Btw, nearly half a century later, on New Year’s Day 1899, Lloyd’s Weekly Newspaper reported in an article entitled “Notoriety of a Stick” that what was apparently Pate’s weapon was to be sold at auction in London.  The Queen was not amused.  A quiet word was sent from the Palace to the auction house. The cane was withdrawn from sale and it has never come before the public since.
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Arthur O’Connor
29 February, 1872

If you are starting to sense patterns and repetitions in these assassination attempts, then the next will only confirm it further.

Seventeen year old Irish nationalist Arthur O’Connor had dreams of being an Irish martyr to the Fenian cause.  On 29 February 1872 he scaled the fence at Buckingham Palace and ran across the courtyard without being detected.  Her Maj had been on a carriage ride in Hyde Park for Leap Year Day.  When she returned to the palace entrance, O’Connor rushed up to the side of the carriage and pointed his flintlock  pistol only 30 cm (one foot) from her.  John Brown, the queen’s personal servant, seized the teenager by the neck and tackled him to the ground as the queen was rushed to safety.  O’Connor’s pistol was broken and unusable  but this was not known to Victoria or John Brown.  O’Connor declared that he never intended to kill Queen Victoria, only to frighten her into signing a document that would release Irish political prisoners being held in British jails. Brown received a medal for his heroism. O’Connor received a year in prison, 20 strokes with a birch rod and exile to Australia.

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Roderick Maclean
2 March, 1882

The only man who fired at the Queen with a loaded gun was Roderick Maclean, her last attacker, who ambushed her in her carriage as she emerged from Windsor station after arriving by train from London. The queen wrote later, “there was the sound of what I thought was an explosion from the engine, but in another moment, I saw people rushing about and a man being violently hustled, rushing down the street.” Roderick Maclean, who had fired the shot at the queen, was set upon by a group of nearby Eton students and pummeled with their umbrellas.  After his arrest, Maclean explained that his action was the result of the frustration he felt after sending the Queen a number of poems he had written that were not accepted by her.  At the time it was not uncommon for struggling artists to solicit patronage from the aristocracy, including the head of the Monarchy.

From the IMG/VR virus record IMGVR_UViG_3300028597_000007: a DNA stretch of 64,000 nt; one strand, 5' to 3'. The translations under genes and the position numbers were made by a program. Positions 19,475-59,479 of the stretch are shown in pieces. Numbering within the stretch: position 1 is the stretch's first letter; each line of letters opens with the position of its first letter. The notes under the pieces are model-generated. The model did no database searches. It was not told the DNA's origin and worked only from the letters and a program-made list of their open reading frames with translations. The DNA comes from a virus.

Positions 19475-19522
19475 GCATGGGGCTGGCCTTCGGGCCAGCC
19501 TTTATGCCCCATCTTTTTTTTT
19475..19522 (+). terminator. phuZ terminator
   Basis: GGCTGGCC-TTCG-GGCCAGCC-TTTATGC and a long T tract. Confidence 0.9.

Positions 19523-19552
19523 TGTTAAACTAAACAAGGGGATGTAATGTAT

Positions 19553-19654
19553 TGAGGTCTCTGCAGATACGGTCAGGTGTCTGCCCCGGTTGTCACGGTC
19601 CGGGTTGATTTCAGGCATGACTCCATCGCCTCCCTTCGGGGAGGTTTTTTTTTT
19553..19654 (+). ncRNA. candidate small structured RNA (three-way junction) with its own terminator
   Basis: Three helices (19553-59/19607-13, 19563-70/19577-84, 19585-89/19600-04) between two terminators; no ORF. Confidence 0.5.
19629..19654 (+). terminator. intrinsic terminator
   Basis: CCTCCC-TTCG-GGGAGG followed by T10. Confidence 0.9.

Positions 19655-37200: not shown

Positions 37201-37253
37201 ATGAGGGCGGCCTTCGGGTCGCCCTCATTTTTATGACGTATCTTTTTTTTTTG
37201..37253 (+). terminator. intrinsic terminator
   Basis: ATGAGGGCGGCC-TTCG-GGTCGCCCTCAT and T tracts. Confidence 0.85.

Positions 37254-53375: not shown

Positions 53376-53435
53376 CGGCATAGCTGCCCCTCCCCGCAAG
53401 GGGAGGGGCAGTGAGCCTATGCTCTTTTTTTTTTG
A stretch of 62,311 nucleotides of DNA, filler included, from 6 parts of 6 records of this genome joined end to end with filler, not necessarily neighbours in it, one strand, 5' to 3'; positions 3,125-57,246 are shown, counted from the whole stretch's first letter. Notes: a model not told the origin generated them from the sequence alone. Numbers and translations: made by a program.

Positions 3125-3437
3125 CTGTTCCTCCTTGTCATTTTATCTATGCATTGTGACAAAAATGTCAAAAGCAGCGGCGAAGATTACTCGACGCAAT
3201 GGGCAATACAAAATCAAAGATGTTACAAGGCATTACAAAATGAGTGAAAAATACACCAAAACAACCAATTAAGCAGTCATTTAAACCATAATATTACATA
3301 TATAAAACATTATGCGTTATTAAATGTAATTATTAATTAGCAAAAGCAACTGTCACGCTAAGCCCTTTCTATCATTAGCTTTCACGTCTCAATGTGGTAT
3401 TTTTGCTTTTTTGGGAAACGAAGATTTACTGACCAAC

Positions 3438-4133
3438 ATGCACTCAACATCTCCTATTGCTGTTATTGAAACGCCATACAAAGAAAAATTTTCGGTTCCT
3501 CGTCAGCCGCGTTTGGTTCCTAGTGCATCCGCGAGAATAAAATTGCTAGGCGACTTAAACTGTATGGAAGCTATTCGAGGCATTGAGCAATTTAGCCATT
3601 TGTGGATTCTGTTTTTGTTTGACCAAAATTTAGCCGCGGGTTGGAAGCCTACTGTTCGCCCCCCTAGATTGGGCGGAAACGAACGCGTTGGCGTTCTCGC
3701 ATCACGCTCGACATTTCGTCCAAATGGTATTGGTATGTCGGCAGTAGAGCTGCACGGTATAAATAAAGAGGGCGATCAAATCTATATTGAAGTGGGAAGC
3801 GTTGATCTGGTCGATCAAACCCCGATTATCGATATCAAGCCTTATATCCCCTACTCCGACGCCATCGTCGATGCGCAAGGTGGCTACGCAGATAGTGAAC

During Maclean’s sentencing, he was found not guilty of high treason, but insane. The sentence bothered the Queen so much, she established a new law known as “Trial of the Lunatics Act 1883.” Under the new law, the same procedures would be enacted, but a sentence of insanity would read, “guilty, but insane.”

MacLean spent the rest of his life in an asylum. 





Quote for the Day



Funny Friday


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There is a wedding taking place this weekend . . . 


. . . so Funny Friday has a smattering of wedding and marriage jokes, plus a few punny Sherlock Holmes ones. 

Enjoy the post and spare a thought for poor Meghan as she heads towards what should be one of life’s happy moments. Unfortunately she has become a player in what the Press is calling the Markle Debacle. 

“You can choose your friends but you sho' can't choose your family, an' they're still kin to you no matter whether you acknowledge 'em or not, and it makes you look right silly when you don't.” 

― Harper Lee, To Kill a Mockingbird 

Caution: risque content included.
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“But, Holmes, what kind of rock could be formed by deposition and consolidation of mineral and organic material and from the precipitation of minerals from a solution?” 

“Sedimentary, my dear Watson. Sedimentary” 
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I got ran over by a hire van earlier. Fucking Hertz. 
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I tried to re-marry my ex-wife. 

But she figured out I was only after my money. 
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It’s been raining for days now and my husband seems very depressed by it. 

He keeps standing by the window, staring. If it continues, I’m going to have to let him in. 
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I just kicked the living shit out of the Carpet Court salesman. 

He said to my missus as bold a brass "Would you like a twist carpet, deep pile or a shag?" 
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One day, Sherlock Holmes and Doctor Watson were doing their usual investigative business, when they uncovered an unusual painting. 

At first glance, it looked like a picture of normal oak tree, in the middle of a wilderness, but if one looked closer, one could see that it was a remarkable painting. The tree trunk was actually made of fire, and its branches were made of ice, clouds and earth. 

"What is it, Holmes?" asked Watson in awe. 

"It's an Element tree, my dear Watson," replied Holmes. 
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A journalist goes to a poor remote village for a documentary. 

He saw an old man and asked him to narrate a typical happy story of his village. 

The old man smiled and began: "One day, a long time ago, my goat got lost in the mountains. As is our tradition, all the men of the village gathered to drink vodka first and then looked for the goat. When we finally found her, as is our tradition, we all drank some more vodka and all the men in the village each got their turn to mate with the goat. We had so much fun that day!" 

The journalist realized that he couldn't publish such a story so he asked the old man if he had another happy story.